Matt Gourlay, CGCS, is Exhibit A that one does not have to work in California, Arizona or Texas to be focused on saving water.
In the nine years he has been a superintendent at Colbert Hills in Manhattan, Kansas, Gourlay has cut water use by 71 million gallons per year, from 110 million gallons annually to 41 million gallons. For those keeping score, that is a reduction of 63 percent. At a current rate of $3,000 per 1 million gallons, the savings add up quickly.
Such frugality, Gourlay says, is reminiscent of some other courses golfers might be more familiar with, thanks to TV.
"We are going for more of the Pinehurst look," said Gourlay, whose official title is director of golf. "In fact, we were that way before Pinehurst became the model everyone is trying to emulate."
Unlike at Pinehurst, which turned back the clock for USGA championships, Colbert Hills did so out of necessity. Like most golf courses not named Pinehurst, Pebble Beach or Augusta, Colbert Hills has felt the effects of a slow economy and declining interest in golf. As a result, Gourlay's 2015 budget was cut by 20 percent, according to Colbert Hills board member Zac Burton, who nominated Gourlay for the award.
"It all stemmed from budget issues," Gourlay said.
"Water is an issue for us," Gourlay said. "We have to buy it all from the city. We removed between 700 and 800 (irrigation) heads, reduced the amount of fertilizer we use on greens by 90 percent and 75 percent on tees.
"Like so many courses, a lot of times we're just trying to stay afloat in the economy."
Budget cuts did little to affect conditions on the golf course. As a matter of fact, they were better than ever, said Burton, who belongs to other high-end private clubs in the area that have larger budgets than Colbert Hills. Despite those disadvantages, conditions at Colbert Hills outshine those at those other big-budget clubs, Burton said.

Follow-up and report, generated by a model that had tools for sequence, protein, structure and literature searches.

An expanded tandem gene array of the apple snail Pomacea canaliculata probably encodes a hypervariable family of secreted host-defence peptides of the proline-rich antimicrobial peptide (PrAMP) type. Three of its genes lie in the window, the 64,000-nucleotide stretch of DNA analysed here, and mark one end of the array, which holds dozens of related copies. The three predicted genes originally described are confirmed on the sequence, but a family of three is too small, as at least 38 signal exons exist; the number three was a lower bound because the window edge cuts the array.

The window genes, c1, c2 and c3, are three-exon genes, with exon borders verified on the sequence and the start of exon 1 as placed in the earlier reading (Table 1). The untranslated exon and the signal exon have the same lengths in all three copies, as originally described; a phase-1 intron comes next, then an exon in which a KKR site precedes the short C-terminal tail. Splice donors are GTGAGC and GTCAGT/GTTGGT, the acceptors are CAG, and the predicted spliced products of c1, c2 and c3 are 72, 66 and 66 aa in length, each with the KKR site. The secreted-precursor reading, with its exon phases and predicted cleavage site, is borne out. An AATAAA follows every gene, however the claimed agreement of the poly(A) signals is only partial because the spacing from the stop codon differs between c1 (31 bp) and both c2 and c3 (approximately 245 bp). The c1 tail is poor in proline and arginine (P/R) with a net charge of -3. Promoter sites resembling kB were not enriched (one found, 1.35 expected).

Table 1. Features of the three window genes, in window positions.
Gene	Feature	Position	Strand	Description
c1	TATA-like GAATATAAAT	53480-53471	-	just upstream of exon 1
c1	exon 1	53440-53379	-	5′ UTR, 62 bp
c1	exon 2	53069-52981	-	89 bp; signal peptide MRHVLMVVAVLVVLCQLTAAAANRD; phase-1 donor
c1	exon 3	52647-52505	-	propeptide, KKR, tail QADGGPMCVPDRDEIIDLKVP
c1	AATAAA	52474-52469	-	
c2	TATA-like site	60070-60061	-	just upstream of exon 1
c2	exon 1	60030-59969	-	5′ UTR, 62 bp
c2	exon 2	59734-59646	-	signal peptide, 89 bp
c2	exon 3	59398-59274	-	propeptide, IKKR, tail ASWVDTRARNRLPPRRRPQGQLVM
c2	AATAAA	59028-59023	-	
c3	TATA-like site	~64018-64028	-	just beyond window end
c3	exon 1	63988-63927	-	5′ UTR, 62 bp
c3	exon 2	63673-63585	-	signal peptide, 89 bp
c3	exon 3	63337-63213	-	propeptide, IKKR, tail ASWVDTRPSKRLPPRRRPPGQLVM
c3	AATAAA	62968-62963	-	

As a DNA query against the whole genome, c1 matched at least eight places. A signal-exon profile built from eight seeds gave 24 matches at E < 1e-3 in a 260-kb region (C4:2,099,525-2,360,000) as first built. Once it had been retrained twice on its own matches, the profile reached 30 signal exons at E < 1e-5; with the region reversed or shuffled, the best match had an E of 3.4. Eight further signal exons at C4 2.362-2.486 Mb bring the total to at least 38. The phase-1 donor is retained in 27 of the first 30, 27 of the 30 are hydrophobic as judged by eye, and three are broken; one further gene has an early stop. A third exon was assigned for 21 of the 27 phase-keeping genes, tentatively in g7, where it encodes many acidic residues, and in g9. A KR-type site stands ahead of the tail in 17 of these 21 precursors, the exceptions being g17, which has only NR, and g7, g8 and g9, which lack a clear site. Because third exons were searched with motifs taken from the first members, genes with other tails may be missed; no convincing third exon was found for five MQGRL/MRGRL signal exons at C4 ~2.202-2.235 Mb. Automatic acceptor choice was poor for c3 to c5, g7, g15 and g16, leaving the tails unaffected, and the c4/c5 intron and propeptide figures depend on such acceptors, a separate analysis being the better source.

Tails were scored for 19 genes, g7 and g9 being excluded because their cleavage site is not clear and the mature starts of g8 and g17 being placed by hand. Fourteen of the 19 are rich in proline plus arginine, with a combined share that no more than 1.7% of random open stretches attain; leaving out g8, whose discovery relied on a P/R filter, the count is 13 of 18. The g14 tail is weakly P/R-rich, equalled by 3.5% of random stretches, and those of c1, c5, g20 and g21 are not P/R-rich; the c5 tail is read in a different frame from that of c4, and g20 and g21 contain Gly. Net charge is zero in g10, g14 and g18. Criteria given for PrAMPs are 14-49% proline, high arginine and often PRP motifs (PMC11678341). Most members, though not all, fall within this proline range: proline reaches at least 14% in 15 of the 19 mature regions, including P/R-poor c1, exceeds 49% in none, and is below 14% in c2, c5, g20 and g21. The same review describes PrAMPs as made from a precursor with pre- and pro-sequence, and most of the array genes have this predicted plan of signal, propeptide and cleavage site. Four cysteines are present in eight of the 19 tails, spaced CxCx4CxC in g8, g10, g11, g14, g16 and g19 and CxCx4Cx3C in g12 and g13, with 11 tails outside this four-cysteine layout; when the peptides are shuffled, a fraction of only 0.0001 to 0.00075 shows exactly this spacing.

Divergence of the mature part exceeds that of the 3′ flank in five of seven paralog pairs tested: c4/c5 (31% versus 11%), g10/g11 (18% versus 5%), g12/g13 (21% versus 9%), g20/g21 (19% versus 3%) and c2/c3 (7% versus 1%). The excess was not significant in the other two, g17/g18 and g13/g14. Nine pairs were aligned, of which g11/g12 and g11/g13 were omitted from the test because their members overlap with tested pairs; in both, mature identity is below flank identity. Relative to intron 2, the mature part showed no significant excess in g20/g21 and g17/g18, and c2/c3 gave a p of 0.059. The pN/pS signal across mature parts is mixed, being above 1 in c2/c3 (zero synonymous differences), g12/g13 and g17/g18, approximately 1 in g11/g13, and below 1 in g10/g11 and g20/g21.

"I believe there's no one in the industry that faced more challenges than he did this year," Burton wrote in his nomination. "Never once did I hear a complaint. Never once was an excuse made. And in spite of all these challenges, he delivered the best course conditions at Colbert Hills we've had since the facility opened in 2000.
"Matt's official title is head superintendent, but in reality, he's the lifeblood of the course. He's involved in some extent with every facet of the club because he genuinely cares about our customers' experience."
Those challenges didn't dampen his spirits either.
"Due to difficult revenue-generating conditions, Matt is tasked with working with a limited operating budget," said Colbert Hills GM Steve Lambert. "The funds he has to work with are similar to what I saw 20 to 30 years ago, yet Matt never complains about restricted resources. He just goes out and gets the job done."
The home course to Kansas State University, Colbert Hills enjoys most of its success during the height of the college football season. When the Wildcats are enjoying success on the field, so is Colbert Hills.
Snyder, who has been coach at K-State for all but four years since 1989, has won 65 percent of his games in Manhattan.
"Everyone in Manhattan owes their success to Bill Snyder," Gourlay said.
Gourlay also deflects credit to his largely homegrown staff.
"This is the best group I've ever had since I became superintendent nine years ago," said Gourlay.
"Almost everyone on staff is a K-State student or alum, and they are among the brightest people in the business."
Lambert has been GM at Colbert Hills for nearly three years, and it didn't take him long to discover what he had in his superintendent.
"After the first few weeks of my arrival in Manhattan, it became readily apparent that I was working with a special individual," Lambert said. "Not only is Matt a superior manager of turfgrass conditions, he is an outstanding leader of personnel."